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Consider an operating system capable of loading and executing a single sequential user process at a time. The disk head scheduling algorithm used is First Come First Served (FCFS). If FCFS is replaced by Shortest Seek Time First (SSTF), claimed by the vendor to give $50 \%$ better benchmark results, what is the expected improvement in the I/O performance of user programs?

1. $50 \%$
2. $40\%$
3. $25\%$
4. $0\%$
edited | 4k views
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@arjun sir if they mention in question multi user process at a time then what is answer how it improves the Io performances of user pgm

Question says "single sequential user process". So, all the requests to disk scheduler will be in sequence and each one will be blocking the execution and hence there is no use of any disk scheduling algorithm. Any disk scheduling algorithm gives the same input sequence and hence the improvement will be $0\%$ for SSTF over FCFS.

Correct Answer: $D$
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@Arjun sir is "single sequential user processes" same as "single processor system"?
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@Akhil Then we can believe the vendor and chose answer as A. (Of course then this would not have been asked in exam)

@Srestha No, they are not the same. Because "single processor system" can also be multi threaded. That is even if only a single process is executing different part of the same process might be run in parallel. So, some of these threads can generate disk requests paralelly. But if the process is also sequential, then only one request will be live at any time. (the request should be blocking) and hence there is no need of a scheduling algorithm.

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Since sequentially one-by-one user processes will come to the disk scheduler so they will be scheduled in FCFS order even if the scheduler uses SSTF algo. Thus 0% improvement.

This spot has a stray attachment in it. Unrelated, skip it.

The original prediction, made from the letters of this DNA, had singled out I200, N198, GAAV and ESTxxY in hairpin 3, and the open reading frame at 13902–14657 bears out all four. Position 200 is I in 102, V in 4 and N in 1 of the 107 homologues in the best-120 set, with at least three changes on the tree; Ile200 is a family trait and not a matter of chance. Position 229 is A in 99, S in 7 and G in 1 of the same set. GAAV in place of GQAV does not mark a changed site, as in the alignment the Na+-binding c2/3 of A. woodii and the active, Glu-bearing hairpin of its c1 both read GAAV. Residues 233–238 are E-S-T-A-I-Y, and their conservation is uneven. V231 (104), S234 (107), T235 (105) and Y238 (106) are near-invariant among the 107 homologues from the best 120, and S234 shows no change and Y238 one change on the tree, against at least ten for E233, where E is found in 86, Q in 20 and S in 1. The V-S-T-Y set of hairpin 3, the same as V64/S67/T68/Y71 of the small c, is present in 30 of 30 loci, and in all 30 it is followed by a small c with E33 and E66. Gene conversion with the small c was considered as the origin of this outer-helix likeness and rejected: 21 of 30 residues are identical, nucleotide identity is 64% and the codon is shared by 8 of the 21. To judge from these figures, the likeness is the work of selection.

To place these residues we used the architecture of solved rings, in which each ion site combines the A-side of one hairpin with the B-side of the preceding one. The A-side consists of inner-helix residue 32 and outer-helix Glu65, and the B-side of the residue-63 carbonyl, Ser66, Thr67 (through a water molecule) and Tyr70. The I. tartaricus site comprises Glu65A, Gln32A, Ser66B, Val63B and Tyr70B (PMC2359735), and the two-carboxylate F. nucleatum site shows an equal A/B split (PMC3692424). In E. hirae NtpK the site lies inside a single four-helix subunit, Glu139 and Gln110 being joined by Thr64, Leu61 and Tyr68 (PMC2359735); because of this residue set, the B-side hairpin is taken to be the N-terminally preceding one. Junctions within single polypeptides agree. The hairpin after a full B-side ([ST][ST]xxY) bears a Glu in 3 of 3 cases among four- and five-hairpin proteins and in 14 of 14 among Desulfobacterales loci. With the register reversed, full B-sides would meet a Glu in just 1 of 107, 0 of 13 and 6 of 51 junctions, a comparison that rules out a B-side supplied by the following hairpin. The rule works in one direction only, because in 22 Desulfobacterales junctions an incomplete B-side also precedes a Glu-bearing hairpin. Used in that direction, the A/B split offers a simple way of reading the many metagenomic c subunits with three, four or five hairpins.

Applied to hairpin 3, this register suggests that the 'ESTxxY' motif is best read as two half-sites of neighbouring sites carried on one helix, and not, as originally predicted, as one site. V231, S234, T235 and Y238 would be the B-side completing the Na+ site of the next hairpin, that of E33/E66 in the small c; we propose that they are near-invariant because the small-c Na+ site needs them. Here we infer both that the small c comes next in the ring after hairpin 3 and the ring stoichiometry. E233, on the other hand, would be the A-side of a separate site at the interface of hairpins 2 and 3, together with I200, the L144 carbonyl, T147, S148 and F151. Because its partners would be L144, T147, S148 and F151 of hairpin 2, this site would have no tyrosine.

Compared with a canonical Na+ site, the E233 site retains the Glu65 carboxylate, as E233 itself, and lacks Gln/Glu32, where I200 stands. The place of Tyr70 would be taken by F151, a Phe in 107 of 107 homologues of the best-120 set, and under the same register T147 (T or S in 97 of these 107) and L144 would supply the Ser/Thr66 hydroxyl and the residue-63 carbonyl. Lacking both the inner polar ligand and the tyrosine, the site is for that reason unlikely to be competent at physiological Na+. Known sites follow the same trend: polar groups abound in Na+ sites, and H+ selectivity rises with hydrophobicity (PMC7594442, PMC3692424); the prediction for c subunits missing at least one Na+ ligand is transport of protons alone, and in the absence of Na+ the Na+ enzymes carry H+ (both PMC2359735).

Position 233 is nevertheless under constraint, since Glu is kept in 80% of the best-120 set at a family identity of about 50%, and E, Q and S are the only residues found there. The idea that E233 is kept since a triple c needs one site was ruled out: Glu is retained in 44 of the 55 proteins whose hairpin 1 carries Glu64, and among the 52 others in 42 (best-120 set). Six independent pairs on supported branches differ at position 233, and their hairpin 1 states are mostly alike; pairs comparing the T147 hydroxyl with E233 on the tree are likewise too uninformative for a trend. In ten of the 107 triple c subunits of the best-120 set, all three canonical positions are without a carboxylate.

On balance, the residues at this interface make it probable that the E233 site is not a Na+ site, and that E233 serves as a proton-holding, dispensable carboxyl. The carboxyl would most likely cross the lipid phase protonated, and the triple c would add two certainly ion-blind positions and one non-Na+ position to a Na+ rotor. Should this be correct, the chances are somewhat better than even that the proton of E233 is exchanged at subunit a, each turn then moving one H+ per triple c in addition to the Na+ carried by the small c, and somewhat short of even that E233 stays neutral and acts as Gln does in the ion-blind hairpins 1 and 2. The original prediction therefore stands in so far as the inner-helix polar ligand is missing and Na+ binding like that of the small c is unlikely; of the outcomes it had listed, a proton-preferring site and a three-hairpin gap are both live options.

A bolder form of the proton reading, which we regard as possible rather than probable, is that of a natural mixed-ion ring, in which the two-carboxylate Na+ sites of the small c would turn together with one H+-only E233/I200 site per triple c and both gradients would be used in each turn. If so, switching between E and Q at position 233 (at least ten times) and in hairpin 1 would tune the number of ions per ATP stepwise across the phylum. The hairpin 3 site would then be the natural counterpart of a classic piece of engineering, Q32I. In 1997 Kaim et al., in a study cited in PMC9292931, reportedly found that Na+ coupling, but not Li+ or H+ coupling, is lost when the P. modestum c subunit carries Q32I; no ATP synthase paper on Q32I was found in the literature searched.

Is my understanding correct?
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If the disk scheduler had known all the disk requests priori then it could have scheduled the order of servicing the requests. That is, for FCFS it would service in the same order as the requests came. For SSTF the disk header services the request which is closest to the current one(in other words where the header movement will take the shortest time to reach).

In this current scenario, the disk scheduler doesn't know what is the next request(as they come one by one after each request gets served) so it can't manipulate the movement of the header and therefore has to move as per the order of incoming requests.

This was my understanding. Correct me if I am wrong.
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@tuhin seems right :)

so sequential is the catch here ?

what if it was just single user process?
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@arjunsir please check my procedure, correct or not ..??

one is for FCFS and another is for SSTF ..!

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according to you all the algorithm will work same. Am i correct?

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@flash12 Yes..don't you think so..?

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@MiNiPanda sir

here I/O performance =io access time?

so vendor claims SSTF better for particular instance whereas user program may or may not agree with such request of pattern so performance can not be measured with the argument.

am i right?

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@MiNiPanda

Even if the disk scheduler knows the requests in advance, if they are sequential like 2,3,5,6,7,10,14....

both FCFS and SSTF will choose same requests each time.

Isn't?

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@sushmita Yes if the header is positioned before cylinder 2.

@Abhisek Tiwari 4 Yes i think you are right :)

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